Summary: At times God brings a Christian through humbling experiences. Why would He do that? How are we to respond when that happens? What are the benefits of responding in the right way?
A paradox is a statement that is seemingly contradictory or opposed to common sense and yet perhaps true.i Jesus stated a paradox in Matt 23:12 when He said, “…whoever exalts himself will be humbled, and he who humbles himself will be exalted.”ii The world does not believe that statement at all. People in the world may perform humble acts without, in fact, humbling themselves. A politician may bend down and speak to a child or kiss a baby with the motive of appearing humble so that he can win the election and ultimately be exalted. Down in his heart it is just one part of his strategy for exalting himself. So, superficial acts of humility are not guarantees of the real deal.
Most popular books in one way or another tell you how to exalt yourself, how to win friends and influence people so you will be successful; how to make your mark in the corporate world; how to win over the competition. We are inundated with a mindset that is the opposite of Jesus’ statement. The message of the world says “whoever exalts himself will be exalted: he will win out; he just needs to use the right methods and techniques to get it done.” Pride drives most activities in the world around us. The Apostle John identified three major motivations of the world:
(1) lust of the flesh (2) lust of the eyes and (3) the pride of life. By far the most subtle and deceptive of these is the pride of life.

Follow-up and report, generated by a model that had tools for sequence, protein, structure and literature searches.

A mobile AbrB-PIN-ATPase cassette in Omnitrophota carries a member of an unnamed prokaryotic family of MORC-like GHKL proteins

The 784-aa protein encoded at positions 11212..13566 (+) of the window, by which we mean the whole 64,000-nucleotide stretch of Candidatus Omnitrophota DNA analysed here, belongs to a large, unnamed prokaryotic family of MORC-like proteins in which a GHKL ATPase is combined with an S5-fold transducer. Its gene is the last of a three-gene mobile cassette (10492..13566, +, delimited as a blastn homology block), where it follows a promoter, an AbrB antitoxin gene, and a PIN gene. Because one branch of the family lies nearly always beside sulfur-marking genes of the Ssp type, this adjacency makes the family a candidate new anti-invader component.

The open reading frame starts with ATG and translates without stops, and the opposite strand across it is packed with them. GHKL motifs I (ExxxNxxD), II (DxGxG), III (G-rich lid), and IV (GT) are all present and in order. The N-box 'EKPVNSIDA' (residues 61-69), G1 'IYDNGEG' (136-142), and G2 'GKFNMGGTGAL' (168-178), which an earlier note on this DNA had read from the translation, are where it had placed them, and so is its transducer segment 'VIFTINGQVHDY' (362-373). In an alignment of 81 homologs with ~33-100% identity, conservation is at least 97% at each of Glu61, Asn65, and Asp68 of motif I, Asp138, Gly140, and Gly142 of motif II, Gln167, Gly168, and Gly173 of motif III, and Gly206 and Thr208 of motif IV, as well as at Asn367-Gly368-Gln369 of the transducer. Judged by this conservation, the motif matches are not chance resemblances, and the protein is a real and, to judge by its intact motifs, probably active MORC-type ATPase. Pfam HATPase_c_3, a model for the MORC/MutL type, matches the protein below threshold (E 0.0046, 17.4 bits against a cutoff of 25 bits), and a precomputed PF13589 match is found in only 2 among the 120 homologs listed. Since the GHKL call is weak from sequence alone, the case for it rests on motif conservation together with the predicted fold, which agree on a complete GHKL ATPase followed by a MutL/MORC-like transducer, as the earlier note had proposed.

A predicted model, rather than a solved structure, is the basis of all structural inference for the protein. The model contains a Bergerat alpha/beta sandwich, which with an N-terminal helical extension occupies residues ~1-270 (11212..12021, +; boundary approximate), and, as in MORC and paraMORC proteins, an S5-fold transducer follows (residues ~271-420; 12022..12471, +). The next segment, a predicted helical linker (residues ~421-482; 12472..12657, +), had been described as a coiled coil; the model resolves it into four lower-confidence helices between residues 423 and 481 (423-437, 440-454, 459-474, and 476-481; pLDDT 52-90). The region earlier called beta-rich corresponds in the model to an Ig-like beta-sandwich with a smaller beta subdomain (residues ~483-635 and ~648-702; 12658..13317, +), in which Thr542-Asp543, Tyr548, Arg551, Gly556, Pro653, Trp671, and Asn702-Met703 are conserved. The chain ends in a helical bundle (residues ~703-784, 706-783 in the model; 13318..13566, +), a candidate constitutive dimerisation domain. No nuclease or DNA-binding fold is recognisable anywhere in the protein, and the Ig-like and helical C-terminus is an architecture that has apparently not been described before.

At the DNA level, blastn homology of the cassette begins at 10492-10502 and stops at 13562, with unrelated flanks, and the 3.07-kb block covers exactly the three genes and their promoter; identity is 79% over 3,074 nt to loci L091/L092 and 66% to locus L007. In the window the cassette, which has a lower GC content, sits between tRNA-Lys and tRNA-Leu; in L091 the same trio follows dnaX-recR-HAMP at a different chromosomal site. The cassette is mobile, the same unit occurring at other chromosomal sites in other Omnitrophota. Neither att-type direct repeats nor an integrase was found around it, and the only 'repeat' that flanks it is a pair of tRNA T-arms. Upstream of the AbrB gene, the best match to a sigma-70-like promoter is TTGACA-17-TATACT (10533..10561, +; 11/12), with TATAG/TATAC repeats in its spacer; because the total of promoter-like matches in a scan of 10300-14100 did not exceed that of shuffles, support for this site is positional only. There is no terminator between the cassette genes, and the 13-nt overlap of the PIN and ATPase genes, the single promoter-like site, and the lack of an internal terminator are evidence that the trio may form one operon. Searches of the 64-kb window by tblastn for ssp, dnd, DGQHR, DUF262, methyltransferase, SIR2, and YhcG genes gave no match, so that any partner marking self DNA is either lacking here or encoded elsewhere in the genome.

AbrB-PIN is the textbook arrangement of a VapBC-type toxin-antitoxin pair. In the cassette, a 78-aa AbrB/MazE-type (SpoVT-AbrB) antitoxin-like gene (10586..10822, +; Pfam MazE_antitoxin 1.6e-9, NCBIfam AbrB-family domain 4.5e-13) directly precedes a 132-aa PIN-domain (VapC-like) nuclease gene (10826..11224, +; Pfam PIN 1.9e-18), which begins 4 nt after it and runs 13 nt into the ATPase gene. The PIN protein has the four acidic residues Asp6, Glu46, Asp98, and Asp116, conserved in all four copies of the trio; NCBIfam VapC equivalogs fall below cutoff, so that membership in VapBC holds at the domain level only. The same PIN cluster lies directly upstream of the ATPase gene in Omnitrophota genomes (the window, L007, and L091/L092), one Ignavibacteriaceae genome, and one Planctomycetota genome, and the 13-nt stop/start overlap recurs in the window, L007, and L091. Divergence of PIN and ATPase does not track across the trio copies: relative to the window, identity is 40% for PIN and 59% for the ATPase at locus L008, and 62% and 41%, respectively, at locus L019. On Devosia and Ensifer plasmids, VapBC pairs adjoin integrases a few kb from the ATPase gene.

“…whoever exalts himself will be humbled, and he who humbles himself will be exalted.” For us as Christians, we cannot allow that statement to just be a nice platitude that we quote. It has to be a principle that we live by. I will humble myself and I will trust God to exalt me as He chooses. And He has clearly said in His word that He would exalt-- anyone who would humble himself. God chooses to exalt you and me. In fact, His plan of salvation is designed to bring us into an eternal state of exaltation and glory. His part is to do the exalting; our part is to do the humbling. So how do we humble ourselves?
Let’s begin by looking at a few examples in the Bible. In Phil. 2:5-8 Paul gives Jesus as the ultimate example of humility. I’m reading this from the Amplified translation because it makes the statements a little easier to understand. “Let this same attitude and purpose and [humble] mind be in you which was in Christ Jesus [Let Him be your example in humility:] 6 Who, although being essentially one with God and in the form of God [possessing the fullness of the attributes which make God God], did not think this equality with God was a thing to be eagerly grasped or retained.7 But stripped Himself [of all privileges and rightful dignity], in that He became like men and was born a human being.” (Here is where KJV says made himself of no reputation). “8 And after He had appeared in human form, He abased and humbled Himself [still further] and carried His obedience to the extreme of death, even the death of the cross.”
Most of us put energy into building a good reputation. We don’t want to be known as criminals, we want to be seen as responsible, upstanding citizens. We want people to like us. We want to be considered smart in something. It is natural to want to be respected and esteemed. We were designed by the Creator to live in honor, not dishonor. And when God exalts us He gives us reputation.